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Lecture 16

# Computer Science And Engineering CSE 232 Lecture Notes - Lecture 16: Binary Heap, Linear Search, Linked ListExam

Department
Computer Science And Engineering
Course Code
Computer Science And Engineering CSE 232
Professor
coles
Lecture
16

This preview shows pages 1-3. to view the full 11 pages of the document. CSE 247 Data Structures and Algorithms Fall 2016
Exam I
Given: 13 October 2016 Due: End of session
This exam is closed-book, closed-notes. No electronic devices or resources of any kind are
allowed. The exception is the “cheat sheet” as described on our course web pages on which you
may have notes to consult during the exam.
Your work mu st b e legibl e. Work that is di cult to read will receive no credit. Do not dwell over
punctuation or exact syntax in code; however, be sure to indent your code to show its structure.
You must sign the pledge b elow for your exam to count. Any cheating will cause the students
involved to receive an F for this course. Other action may be taken.
Your wor k must b e completed on these pages. There are blan k p ages at the end of the exam if
you need them. Don’t spend too much time staying stuck on a question: move on and return to
the question later.
You must ﬁll in your identifying information correctly. Whenyoureachthispointinthe
instructions, please give the professor or TA a meaningful glance.
Print clearly the following information:
Name (print clearly):
Student 6-digit ID (print really clearly):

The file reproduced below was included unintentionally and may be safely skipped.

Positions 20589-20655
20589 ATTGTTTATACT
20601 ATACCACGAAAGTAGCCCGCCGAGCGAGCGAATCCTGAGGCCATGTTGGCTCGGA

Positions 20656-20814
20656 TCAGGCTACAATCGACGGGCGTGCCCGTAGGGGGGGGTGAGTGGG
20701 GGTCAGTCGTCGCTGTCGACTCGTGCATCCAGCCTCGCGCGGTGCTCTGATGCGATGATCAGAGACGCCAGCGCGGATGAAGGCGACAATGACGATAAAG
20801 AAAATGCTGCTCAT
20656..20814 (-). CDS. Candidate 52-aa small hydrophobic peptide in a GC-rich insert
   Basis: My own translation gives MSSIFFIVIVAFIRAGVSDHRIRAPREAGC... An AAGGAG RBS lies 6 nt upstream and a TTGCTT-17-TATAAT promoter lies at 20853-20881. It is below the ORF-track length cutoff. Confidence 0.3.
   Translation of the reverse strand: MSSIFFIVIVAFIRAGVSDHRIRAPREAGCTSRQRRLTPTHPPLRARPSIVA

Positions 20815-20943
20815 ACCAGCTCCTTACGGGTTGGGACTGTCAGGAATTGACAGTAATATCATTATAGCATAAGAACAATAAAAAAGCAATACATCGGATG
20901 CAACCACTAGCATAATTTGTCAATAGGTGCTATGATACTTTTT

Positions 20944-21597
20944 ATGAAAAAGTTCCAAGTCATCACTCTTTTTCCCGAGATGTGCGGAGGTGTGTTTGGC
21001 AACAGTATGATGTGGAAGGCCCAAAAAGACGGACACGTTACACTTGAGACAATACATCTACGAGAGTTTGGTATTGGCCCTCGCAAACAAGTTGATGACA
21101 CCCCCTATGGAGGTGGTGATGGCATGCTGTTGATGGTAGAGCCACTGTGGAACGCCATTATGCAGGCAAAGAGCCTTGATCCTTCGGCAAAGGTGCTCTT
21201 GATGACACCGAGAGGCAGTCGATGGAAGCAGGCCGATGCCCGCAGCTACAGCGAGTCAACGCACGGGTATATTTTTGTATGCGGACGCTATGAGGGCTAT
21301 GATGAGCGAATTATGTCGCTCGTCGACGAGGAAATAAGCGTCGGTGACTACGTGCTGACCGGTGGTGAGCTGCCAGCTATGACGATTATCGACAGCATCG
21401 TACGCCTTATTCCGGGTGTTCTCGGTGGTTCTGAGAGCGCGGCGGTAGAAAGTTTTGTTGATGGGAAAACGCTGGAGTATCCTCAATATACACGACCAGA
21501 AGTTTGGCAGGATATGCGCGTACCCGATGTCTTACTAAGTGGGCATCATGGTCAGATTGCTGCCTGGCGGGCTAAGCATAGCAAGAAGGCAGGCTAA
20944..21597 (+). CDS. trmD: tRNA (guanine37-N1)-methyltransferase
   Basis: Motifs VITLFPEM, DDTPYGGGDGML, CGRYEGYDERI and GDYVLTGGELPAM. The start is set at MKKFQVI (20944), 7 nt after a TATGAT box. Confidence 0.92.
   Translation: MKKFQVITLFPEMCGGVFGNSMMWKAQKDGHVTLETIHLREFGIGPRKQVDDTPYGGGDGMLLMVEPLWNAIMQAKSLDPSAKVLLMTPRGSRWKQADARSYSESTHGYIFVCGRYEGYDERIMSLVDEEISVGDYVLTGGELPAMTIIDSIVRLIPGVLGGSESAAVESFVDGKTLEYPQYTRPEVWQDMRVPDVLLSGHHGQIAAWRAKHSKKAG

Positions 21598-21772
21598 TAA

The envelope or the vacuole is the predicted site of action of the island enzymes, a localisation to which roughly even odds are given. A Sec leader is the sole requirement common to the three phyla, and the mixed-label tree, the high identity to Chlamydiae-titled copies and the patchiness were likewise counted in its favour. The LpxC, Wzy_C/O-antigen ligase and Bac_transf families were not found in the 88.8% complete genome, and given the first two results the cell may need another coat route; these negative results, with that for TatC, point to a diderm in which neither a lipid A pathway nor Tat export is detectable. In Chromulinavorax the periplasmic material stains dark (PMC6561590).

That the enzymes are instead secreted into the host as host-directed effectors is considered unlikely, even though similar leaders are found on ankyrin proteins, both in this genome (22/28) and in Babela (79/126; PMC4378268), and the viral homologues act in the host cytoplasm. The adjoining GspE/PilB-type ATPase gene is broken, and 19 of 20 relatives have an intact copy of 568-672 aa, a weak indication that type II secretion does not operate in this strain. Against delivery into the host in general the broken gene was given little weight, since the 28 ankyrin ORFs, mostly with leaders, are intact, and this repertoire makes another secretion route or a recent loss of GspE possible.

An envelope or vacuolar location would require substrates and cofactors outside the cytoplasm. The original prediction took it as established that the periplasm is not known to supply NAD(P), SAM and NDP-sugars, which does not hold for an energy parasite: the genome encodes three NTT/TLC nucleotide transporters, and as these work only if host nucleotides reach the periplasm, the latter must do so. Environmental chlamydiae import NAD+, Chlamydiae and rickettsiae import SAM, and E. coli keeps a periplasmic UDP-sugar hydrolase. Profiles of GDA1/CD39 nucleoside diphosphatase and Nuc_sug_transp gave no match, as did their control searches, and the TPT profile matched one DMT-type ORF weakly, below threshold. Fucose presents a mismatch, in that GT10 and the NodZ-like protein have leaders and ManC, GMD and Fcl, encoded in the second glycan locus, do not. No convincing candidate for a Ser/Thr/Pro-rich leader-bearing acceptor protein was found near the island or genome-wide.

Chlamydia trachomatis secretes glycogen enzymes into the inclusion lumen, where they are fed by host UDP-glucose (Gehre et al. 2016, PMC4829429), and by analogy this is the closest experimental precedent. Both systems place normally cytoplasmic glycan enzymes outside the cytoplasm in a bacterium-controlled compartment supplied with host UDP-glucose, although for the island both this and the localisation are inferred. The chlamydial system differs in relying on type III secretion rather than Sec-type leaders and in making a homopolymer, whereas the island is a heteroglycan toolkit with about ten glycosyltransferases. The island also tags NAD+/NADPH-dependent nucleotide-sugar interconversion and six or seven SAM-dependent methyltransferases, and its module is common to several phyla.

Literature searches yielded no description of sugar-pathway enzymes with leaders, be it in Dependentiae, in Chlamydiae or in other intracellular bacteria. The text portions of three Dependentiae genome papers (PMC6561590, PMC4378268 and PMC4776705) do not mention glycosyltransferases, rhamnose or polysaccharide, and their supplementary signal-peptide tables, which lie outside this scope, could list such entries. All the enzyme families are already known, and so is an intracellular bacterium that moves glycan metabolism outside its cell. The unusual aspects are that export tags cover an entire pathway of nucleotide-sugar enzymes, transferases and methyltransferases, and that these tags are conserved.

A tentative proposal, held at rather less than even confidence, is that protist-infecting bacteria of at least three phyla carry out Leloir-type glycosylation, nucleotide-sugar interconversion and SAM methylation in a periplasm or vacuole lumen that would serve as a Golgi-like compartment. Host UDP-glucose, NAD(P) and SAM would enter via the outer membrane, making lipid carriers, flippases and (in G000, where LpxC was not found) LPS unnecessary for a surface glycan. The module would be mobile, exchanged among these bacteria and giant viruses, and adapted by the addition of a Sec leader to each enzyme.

Number Points Points
120
210
310
420
520
620
Total 100
Pledge: On my honor, I have neither given nor received any unauthorized aid on this exam.
Signed:
(Be sure you ﬁlled in your information in the box above!)

Only pages 1-3 are available for preview. Some parts have been intentionally blurred. CSE 247 (Exam I) –2– Due by End of session
1. (20 points) In this problem, you may assume the log function is computed with any
base you like, but state the base you are assuming.
(a) (5 points) nlog n=O(g(n)) for which of the following deﬁnitions of g(n)?
Circle all that apply:
g(n)=1
g(n)=n
g(n)=nlog n
g(n)=n2nlog n
g(n)=n2log n
(b) (5 points) nlog n=(g(n)) for which of the following deﬁnitions of g(n)?
Circle all that apply:
g(n)=1
g(n)=n
g(n)=nlog n
g(n)=n2nlog n
g(n)=n2log n
(c) (5 points) nlog n=Θ(g(n)) for which of the following deﬁnitions of g(n)?
Circle all that apply:
g(n)=1
g(n)=n
g(n)=nlog n
g(n)=n2nlog n
g(n)=n2log n
(d) (5 points) Using limits and L’Hˆopital’s rule, provide a proof that
1000 log n=Θ(log (nc))
where cis some positive constant (independent of nand c<n).

Only pages 1-3 are available for preview. Some parts have been intentionally blurred. CSE 247 (Exam I) –3– Due by End of session
2. (10 points) For each of the program fragments below, let T(n)represent,worst-case,
the execution time of that program fragment in terms of n, an input value to each
fragment.
(a) (1 points) Fragment:
for i=1 to n
for j=1 to n
a[i][j] = b[i][j] + c[i][j]
end
end
Worst-case, the above fragment takes Θ() time.
(b) (3 points) Fragment:
for i=1 to n
int[] array = new int;
end
Worst-case, the above fragment takes Θ() time.
(c) (3 points) Fragment:
for i=1 to n
int[] array = new int[i];
end
Worst-case, the above fragment takes Θ( ) time.
(d) (3 points) Fragment:
for i=1 to n
if Math.random() < 0.0000001 // very unlikely this is true
for j=1 to n
a[i][j] = b[i][j] + c[i][j]
end
end
end
Worst-case, the above fragment takes Θ() time.